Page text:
syndrome affects the nerves that stimulate muscle fibers, resulting in frequent
muscle twitching. The spasms most often occur in the arm and leg muscles.
Muscle twitching typically isn’t an emergency, but a serious
medical condition may be causing it. Make an appointment with your doctor if
your twitching becomes a chronic or persistent issue.
Diagnosing the cause of muscle twitching
During your appointment, your doctor will ask you about your
muscle twitching to determine the underlying cause. You’ll discuss:
- when your muscles began twitching
- where the twitches occur
- how often the twitches occur
- how long the twitches last
- any other symptoms you may be experiencing
Your doctor will also perform a physical exam and gather
your medical history. Make sure to notify your doctor about any existing health
Your doctor will likely order certain diagnostic tests if
they suspect your muscle twitching is due to an underlying condition. They may
- blood tests to evaluate electrolyte levels and
- an MRI scan
- a CT scan
to assess the health of the muscles and the nerve cells that
These diagnostic tests can help your doctor determine the
cause of your muscle twitching. If you have persistent and chronic muscle
twitching, a serious underlying medical condition may be the cause. It’s
important to diagnose and treat the problem as soon as possible. Early intervention
can often improve your long-term outlook and treatment options.
for muscle twitching
Treatment usually isn’t necessary for muscle twitching. The
spasms tend to subside without treatment within a few days. However, you may
need treatment if one of the more serious conditions is causing your muscle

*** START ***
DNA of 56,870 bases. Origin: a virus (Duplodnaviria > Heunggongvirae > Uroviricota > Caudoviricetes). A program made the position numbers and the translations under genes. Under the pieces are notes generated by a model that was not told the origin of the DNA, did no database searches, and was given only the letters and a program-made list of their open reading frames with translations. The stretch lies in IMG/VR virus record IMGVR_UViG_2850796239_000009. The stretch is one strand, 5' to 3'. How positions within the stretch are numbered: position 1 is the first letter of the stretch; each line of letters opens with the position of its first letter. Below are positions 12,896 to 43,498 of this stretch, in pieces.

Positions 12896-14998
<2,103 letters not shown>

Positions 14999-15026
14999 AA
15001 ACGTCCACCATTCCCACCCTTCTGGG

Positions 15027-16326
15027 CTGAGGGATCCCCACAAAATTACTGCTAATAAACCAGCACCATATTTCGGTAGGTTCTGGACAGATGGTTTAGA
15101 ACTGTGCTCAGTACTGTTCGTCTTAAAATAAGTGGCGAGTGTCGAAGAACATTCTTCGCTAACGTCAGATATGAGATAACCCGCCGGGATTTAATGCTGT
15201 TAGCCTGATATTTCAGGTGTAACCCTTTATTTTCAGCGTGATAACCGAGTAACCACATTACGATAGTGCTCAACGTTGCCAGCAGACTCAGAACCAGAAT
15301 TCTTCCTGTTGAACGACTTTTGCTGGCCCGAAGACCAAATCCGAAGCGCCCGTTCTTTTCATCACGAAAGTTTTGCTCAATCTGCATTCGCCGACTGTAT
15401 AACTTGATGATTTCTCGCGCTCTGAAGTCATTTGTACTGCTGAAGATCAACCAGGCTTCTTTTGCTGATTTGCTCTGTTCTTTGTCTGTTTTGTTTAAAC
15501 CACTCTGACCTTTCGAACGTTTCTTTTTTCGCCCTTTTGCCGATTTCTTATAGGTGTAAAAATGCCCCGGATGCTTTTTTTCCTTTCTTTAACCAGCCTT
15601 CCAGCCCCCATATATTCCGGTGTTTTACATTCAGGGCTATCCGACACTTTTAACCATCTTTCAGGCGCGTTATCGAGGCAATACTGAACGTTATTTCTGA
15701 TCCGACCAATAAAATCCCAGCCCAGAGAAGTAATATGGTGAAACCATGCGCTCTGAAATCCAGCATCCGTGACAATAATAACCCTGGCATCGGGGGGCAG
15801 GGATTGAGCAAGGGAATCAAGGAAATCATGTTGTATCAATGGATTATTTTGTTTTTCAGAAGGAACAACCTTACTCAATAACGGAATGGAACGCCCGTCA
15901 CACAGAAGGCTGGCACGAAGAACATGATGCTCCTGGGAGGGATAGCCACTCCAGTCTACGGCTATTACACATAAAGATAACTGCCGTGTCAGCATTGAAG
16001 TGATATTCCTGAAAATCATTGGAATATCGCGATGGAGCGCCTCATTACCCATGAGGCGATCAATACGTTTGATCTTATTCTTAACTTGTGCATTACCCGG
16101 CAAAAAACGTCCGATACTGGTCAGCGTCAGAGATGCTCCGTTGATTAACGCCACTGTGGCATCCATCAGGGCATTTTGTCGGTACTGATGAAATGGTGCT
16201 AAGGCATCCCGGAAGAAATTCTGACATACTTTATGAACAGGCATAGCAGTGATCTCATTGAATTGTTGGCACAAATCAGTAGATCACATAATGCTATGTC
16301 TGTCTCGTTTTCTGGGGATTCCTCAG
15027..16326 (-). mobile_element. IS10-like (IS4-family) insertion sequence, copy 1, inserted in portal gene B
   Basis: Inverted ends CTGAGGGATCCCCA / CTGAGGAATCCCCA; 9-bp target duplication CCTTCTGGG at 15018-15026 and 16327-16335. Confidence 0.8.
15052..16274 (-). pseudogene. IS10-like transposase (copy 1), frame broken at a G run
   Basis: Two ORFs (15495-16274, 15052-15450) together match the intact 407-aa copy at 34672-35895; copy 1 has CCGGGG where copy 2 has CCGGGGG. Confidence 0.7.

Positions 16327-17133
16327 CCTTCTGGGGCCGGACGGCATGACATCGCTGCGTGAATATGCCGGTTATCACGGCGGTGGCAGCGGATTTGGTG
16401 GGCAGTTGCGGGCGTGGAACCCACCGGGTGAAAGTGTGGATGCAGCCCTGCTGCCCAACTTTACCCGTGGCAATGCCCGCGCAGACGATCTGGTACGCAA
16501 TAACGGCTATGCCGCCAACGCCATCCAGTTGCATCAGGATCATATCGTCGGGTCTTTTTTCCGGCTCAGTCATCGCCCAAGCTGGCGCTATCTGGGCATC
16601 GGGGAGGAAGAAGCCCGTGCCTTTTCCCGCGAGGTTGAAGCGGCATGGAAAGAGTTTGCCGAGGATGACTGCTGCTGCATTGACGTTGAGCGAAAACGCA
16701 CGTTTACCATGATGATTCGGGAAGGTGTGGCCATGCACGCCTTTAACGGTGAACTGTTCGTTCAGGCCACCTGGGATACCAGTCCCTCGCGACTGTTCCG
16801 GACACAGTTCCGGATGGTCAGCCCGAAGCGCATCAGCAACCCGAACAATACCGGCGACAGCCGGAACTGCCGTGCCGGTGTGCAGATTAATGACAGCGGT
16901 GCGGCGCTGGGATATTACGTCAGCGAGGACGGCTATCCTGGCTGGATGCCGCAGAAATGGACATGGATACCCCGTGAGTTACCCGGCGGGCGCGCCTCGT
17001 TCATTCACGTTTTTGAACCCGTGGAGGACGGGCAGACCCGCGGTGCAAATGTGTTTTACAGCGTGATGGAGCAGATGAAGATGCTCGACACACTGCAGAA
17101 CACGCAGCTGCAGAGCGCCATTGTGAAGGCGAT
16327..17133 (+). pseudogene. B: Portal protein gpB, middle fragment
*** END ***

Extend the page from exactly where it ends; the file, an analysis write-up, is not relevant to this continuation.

twitching. Depending on the particular diagnosis, your doctor may prescribe
certain medications to ease symptoms. These drugs include:
Muscle twitching isn’t always preventable. However, there
are some things you can do to lower your risk:
Eat a balanced diet
Follow these tips for eating a balanced diet:
- Eat fresh fruits and vegetables.
- Eat whole grains, which provide you with
carbohydrates for energy.
- Consume a moderate amount of protein. Try to get
most of your protein from lean sources, such as chicken and tofu.
Get adequate sleep
Most people require six to eight hours of sleep each night
to stay healthy. Sleep helps the body heal and recover and gives your nerves time
To reduce the stress in your life, try relaxation techniques,
such as meditation, yoga, or Tai Chi. Exercising at least three times per week
is another great way to feel less stressed. Talking to a therapist can also
Limit your caffeine intake
Avoid drinking caffeinated beverages or eating foods that
contain caffeine. These foods and drinks may increase or promote muscle twitching.
It’s always a good idea to quit smoking. Nicotine is a mild
stimulant that affects your central nervous system. Quitting smoking also helps
lower your risk for other serious health problems.
Talk to your doctor if you’re on a stimulant medication,
such as an amphetamine, and develop muscle twitching. Your doctor may be able
to prescribe another medication that doesn’t cause twitching.